Connections and innovation are at the core of IdentityNORTH, as it brings together leaders and thinkers to share and learn about the big ideas and innovations that are shaping the global digital economy and driving digital transformation.
This was the 7th Annual Summit. With more than 300 attendees, it was the biggest one yet.
The national Summit featured more than 30 speakers, who explored some of the key themes and trends in identity and authentication today – topics such as biometrics, open banking and e-health. Highlighting strong examples of Canadian leadership, attendees were given a glimpse of what is happening in Digital ID programs, both in Canada and around the world.
As part of Canadian Digital Identity Week, the Digital Identification and Authentication Council of Canada (DIACC) also launched the Pan-Canadian Trust Framework Model 3 Draft Recommendation V1.0. A collaborative initiative led by the DIACC, the framework has been co-created in partnership with members from the public, private , and academic sectors.
“The Framework is a set of business, legal and technical-focused standards and best practices that will enable guidance for interoperability of the public and private sector,” explained DIACC President Joni Brennan. “It will unlock consent, control, choice and convenience of use for Canadians and allow them to manage their data across different ecosystems.”
Day 1 began with a conversation between IdentityNORTH Chair Aran Hamilton and Ontario Privacy Commissioner Brian Beamish. The Commissioner discussed the dynamic changes he has seen over the years in access to information and privacy rights (he has been working with the Ontario Public Service since 1985).
“We live in a digital world, and the work that we do has had to keep up…there is a real need for us to stay on top of developments, like digital identity, AI and data integration,” he said. “There is more of a public awareness of privacy, there is a greater focus on privacy and the issue has become international.” Major advances he has witnessed over the years include those related to the delivery of government services, and how “public-private partnerships are now ubiquitous.”
Hillary Hartley, Deputy Minister of Consumer Services and Ontario’s Chief Digital Officer, kicked off Day 2 with a talk focused on leadership in a digital age. “Digital is about the way we work, it’s about the how as much as the what,” she said. She outlined the action plan to create simpler, faster and better government, which includes pillars such as people-centered design and fostering a digital economy.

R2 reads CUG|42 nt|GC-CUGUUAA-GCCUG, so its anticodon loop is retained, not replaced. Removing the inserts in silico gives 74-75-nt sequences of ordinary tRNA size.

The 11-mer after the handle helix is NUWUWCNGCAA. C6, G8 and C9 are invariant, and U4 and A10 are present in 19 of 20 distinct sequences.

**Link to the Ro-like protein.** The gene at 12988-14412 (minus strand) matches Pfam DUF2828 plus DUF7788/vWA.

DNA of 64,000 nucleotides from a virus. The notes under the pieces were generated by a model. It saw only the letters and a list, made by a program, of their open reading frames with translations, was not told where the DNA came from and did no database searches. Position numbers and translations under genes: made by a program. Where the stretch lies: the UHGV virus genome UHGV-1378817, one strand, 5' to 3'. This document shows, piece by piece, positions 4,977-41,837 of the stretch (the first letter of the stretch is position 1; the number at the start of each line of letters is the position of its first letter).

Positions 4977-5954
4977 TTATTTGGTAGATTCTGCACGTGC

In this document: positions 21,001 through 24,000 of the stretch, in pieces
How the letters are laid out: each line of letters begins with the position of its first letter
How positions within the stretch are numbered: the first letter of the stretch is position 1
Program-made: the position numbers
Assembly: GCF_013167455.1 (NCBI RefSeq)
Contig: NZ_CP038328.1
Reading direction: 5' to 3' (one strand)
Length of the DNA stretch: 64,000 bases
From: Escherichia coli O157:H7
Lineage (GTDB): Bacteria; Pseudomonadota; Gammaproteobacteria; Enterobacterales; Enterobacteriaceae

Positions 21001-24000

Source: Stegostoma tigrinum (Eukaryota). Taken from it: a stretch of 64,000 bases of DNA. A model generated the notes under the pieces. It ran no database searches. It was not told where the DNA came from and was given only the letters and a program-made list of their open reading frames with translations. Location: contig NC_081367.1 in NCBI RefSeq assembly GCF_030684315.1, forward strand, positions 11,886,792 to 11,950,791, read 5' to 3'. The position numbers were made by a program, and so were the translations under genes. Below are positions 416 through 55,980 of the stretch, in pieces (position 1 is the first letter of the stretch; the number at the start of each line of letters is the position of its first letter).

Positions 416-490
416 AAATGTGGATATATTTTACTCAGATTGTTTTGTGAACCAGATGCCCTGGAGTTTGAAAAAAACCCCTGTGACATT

“Our team is trying to create the conditions where digital and interoperability can become a reality, and the cornerstone of this work really comes down to people, culture and leadership,” she said. “As leaders, we have to be doubling down on diversity, inclusion and belonging, we have to ensure we are building with, not for.”
The need for the public and private sectors to work together collaboratively was a key theme, and this collaboration is something that sets Canada apart from others.
“We have two perfect pieces of a puzzle between the capabilities of government and the capabilities of the private sector to come together to solve identity around people, and put control of identity sharing and verification in Canadians’ hands,” said DIACC President Joni Brennan.
Canada and Beyond
A panel discussion posed the question: should Canada have its own biometric companies and technology for citizen verification and authentication?
“The age of biometrics is upon us, and it’s going to come down to choice. Simplicity is a big key factor, as is the user experience,” said Jeff Maynard, CEO of Biometric Signature ID. “There are other countries that are further advanced than we are in terms of adaption of biometrics, but I think we’re almost there.”
Ian Paterson, CEO of Plurilock, noted that users are not necessarily looking for biometric solutions, but they are looking to be more secure. “It is looking at what is the most appropriate technology for the situation,” he said. “Thankfully, what we are seeing now is that there is more choice so you can mix and match the right technology for the right situation.”
Various international perspectives were also shared – as several speakers joined remotely, from South Africa, Sweden and the U.K.
Alastair Treharne an expert digital identity advisor to the U.K. Cabinet Office, whose work includes supporting the delivery of the U.K.’s national digital identity initiative. Joining the Summit from across the pond, he spoke about the U.K.’s perspective on digital identity as well as some of the work they have been doing with GOV.UK Verify.
Alastair explained that digital ID has been important for the UK’s digital transformation, economic development, safety and social welfare, adding that “digital identity is only the beginning.”
Offering a glimpse into the future, Bruno Couillard, President & CTO at Crypto4A, closed the Summit with a session titled “What’s all this quantum stuff?”
“Quantum computers are eventually going to be affecting the way we do things in the cryptography and security space…whether we do privacy, safety or security, all of it rests on cryptography principles,” he said. “These principles, if not properly designed or engineered, will not resist quantum computers. The change is going to be very abrupt and very disruptive on many components within the ecosystem.”
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